curl -O https://patchbay.pub/random-channel/filename.bin
This one works in the browser. You select a file and it gives you a link you can share with others. The underlying tech is more complicated (relies on WebSockets) than patchbay, but the server is currently more reliable. I'm in the process of improving the patchbay server to be more robust, and I think it will eventually replace fibridge completely.
My current project is building something along the lines of Google Drive, but much simpler and designed to be self-hosted from within your home.
I gave that question a few tries but I feel part of the problem is the market being saturated by giants doing half the job. Another part of it is the lack of interoperability regarding file sharing between operating systems.
I mean - a native right click>send to>user - native notification to the user with a solution to direct p2p download from that person. No software needed, seemless integration. Why is that so hard?
I really wish the big boys would give that a try rather than giving us toy-like features and price bump.
You see, we have protocols like HTTP and the web relies on it, everyone agrees this is how the web works and all OSes have one or several browser able to access it.
Something similar works with emails.
Yet, we don't have anything to share files between computers, imagine something like bittorrent directly integrated to all OSes, letting you right click > send to.
For my 12TiB of data I use Syncthing when I need to sync them more often, rsync.
I used rsync several times for billions of smaller files totalling to 300GiB, but really all depending on how I connect nodes. I prefer syncthing, but when only ssh is available, then rsync is good too.
Currently largest synced directory by syncthing (that shares usage stats) is over 61384 GiB :)) https://data.syncthing.net/
If it's for more than 1 person I upload it to a VPS if it's small (<20 GB) or make a torrent if it's not.
$ python -m http.server 8000
and then you can start ngrok to expose the file
$ ngrok http 8000
that will give you an URL to share with whoever wants it.
ngrok is an amazing utility though!
For local network:
I use miniserve ( https://github.com/svenstaro/miniserve ) which is just a simple http server.
There are similar tools for when I want to share it from the smartphone.
Through the internet it really varies:
Sometimes it is Firefox send ( https://send.firefox.com/ )
For photos, I use a self hosted photo solution piwigo ( https://github.com/Piwigo/Piwigo )
In earlier days it has been a self hosted nextcloud ( https://github.com/nextcloud/server ) instance. I still use it when the files are getting too large for Firefox send.
I also tried the already mentioned wormhole but this works only with tec ppl.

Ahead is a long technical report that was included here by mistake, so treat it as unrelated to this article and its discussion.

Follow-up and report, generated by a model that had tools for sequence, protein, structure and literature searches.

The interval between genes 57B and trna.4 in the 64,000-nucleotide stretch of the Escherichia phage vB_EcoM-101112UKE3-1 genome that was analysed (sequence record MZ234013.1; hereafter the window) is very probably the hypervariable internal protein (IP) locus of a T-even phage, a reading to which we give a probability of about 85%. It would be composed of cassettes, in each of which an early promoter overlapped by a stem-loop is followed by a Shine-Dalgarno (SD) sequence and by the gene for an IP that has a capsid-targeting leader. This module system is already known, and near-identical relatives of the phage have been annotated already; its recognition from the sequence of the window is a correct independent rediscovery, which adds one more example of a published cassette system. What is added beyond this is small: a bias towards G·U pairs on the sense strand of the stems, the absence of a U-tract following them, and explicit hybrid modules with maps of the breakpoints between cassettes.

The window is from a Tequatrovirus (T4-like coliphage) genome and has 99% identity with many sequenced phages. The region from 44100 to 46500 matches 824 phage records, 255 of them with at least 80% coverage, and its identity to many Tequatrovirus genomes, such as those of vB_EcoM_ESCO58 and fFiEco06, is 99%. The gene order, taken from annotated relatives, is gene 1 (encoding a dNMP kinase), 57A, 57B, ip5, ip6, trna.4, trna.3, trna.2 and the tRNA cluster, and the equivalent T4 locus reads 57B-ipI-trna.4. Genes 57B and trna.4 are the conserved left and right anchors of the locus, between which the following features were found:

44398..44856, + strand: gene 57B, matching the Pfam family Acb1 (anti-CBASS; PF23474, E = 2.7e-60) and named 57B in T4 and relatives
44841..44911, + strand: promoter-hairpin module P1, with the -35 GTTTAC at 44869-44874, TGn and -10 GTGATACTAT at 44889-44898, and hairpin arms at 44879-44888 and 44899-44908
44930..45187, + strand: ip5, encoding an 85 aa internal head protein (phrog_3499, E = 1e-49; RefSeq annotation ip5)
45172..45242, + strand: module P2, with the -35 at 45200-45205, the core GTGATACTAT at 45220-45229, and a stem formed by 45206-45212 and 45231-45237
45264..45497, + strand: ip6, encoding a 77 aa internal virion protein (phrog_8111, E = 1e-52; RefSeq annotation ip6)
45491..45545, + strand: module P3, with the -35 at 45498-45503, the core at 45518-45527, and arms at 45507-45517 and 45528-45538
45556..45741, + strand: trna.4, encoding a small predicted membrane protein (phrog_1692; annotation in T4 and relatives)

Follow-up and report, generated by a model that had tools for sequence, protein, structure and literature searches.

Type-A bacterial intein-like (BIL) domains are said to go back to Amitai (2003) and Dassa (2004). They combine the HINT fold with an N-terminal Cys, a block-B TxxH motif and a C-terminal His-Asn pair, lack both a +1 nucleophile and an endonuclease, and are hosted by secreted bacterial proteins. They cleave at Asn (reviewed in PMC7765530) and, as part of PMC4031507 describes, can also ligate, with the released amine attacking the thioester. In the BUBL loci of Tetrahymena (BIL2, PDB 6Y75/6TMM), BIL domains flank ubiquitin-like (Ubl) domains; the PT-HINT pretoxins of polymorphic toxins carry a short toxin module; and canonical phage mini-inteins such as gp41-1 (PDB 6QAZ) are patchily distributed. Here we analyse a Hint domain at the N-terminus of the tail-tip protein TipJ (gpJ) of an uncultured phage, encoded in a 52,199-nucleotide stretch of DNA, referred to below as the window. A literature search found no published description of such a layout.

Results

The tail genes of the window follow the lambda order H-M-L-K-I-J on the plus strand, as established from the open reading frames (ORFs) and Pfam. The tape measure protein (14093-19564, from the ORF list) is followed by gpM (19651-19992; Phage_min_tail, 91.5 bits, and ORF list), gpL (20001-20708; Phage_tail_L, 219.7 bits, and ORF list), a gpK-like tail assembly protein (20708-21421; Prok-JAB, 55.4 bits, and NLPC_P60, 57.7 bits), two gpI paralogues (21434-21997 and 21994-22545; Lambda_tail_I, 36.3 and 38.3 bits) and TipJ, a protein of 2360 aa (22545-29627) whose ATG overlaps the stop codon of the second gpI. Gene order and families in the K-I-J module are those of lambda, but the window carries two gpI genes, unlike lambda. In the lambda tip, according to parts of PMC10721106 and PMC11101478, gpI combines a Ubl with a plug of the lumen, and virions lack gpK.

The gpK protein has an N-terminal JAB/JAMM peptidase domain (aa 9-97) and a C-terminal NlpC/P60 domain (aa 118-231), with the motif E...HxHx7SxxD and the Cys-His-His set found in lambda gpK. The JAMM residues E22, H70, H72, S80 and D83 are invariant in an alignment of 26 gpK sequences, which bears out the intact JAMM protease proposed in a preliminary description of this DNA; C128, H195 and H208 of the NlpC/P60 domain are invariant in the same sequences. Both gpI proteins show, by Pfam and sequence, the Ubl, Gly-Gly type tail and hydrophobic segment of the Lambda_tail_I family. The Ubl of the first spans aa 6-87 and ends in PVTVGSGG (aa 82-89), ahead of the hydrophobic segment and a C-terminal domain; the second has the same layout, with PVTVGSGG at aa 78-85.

"Firefox Send is temporarily unavailable while we work on product improvements.
We appreciate your patience while we make the Firefox Send experience better."
Or npm install -g http-server for nodejs,
Local network is easy.
npx http-server .
To remove the global install step. This will install and run all in one command.
gpg --symmetric file.dat
(enter a password)
gpg --decrypt file.dat.gpg > file.dat
(enter the password)
Others have said it better than I can. See e.g. https://latacora.micro.blog/2019/07/16/the-pgp-problem.html
With that said, Magic Wormhole is also a very good tool for transferring files. It will encrypt in transit. So for many files, using a separate encryption tool is not necessary. (So far I haven’t tried it for large files.)
With trackers, you're revealing the fact-of-transmission, transmission-size, & endpoints to any number of unknown remote parties. Potentially, attackers not even on the privileged network-path from origin to destination could tee off a copy of your encrypted data for offline analysis.
With Magic Wormhole's rendezvous-server, only one server, run by the same person whose code you're trusting (& can audit), briefly relays encrypted control-messages. (It might even be limited in its ability to deduce the size of the transfer – I'm not sure.) And if that's still too much, you can run your own rendezvous server.
It seems to me the amount of information leaked in the BT Tracker approach is strictly (& perhaps massively) more, to more entities, than that leaked in using the Wormhole author's server.
Of course the nice thing about Magic Wormhole is that its security does not depend on server components to be trustworthy. Use the default servers, use your own, use a different third party server, it doesn't matter, your data is still secure.
Edit: If you are worried about privacy magic-wormhole supports transit over tor.
The author really wants to dislike PGP, but the reason everyone trusts PGP is because it's been around forever. Yeah there've been deficiencies, just like there've been deficiencies in OpenSSL, but that doesn't make it a bad tool. I could go on but this xkcd sums it up: https://xkcd.com/2347/
>Absurd Complexity / Swiss Army Knife Design
Git is complex, yet effectively every project ever uses it. The reason is you're fine to avoid the edge-cases and just focus on the main functionality, but that one time you need to do something ridiculously hacky, there's a tool to do it, instead of having to roll your own solution.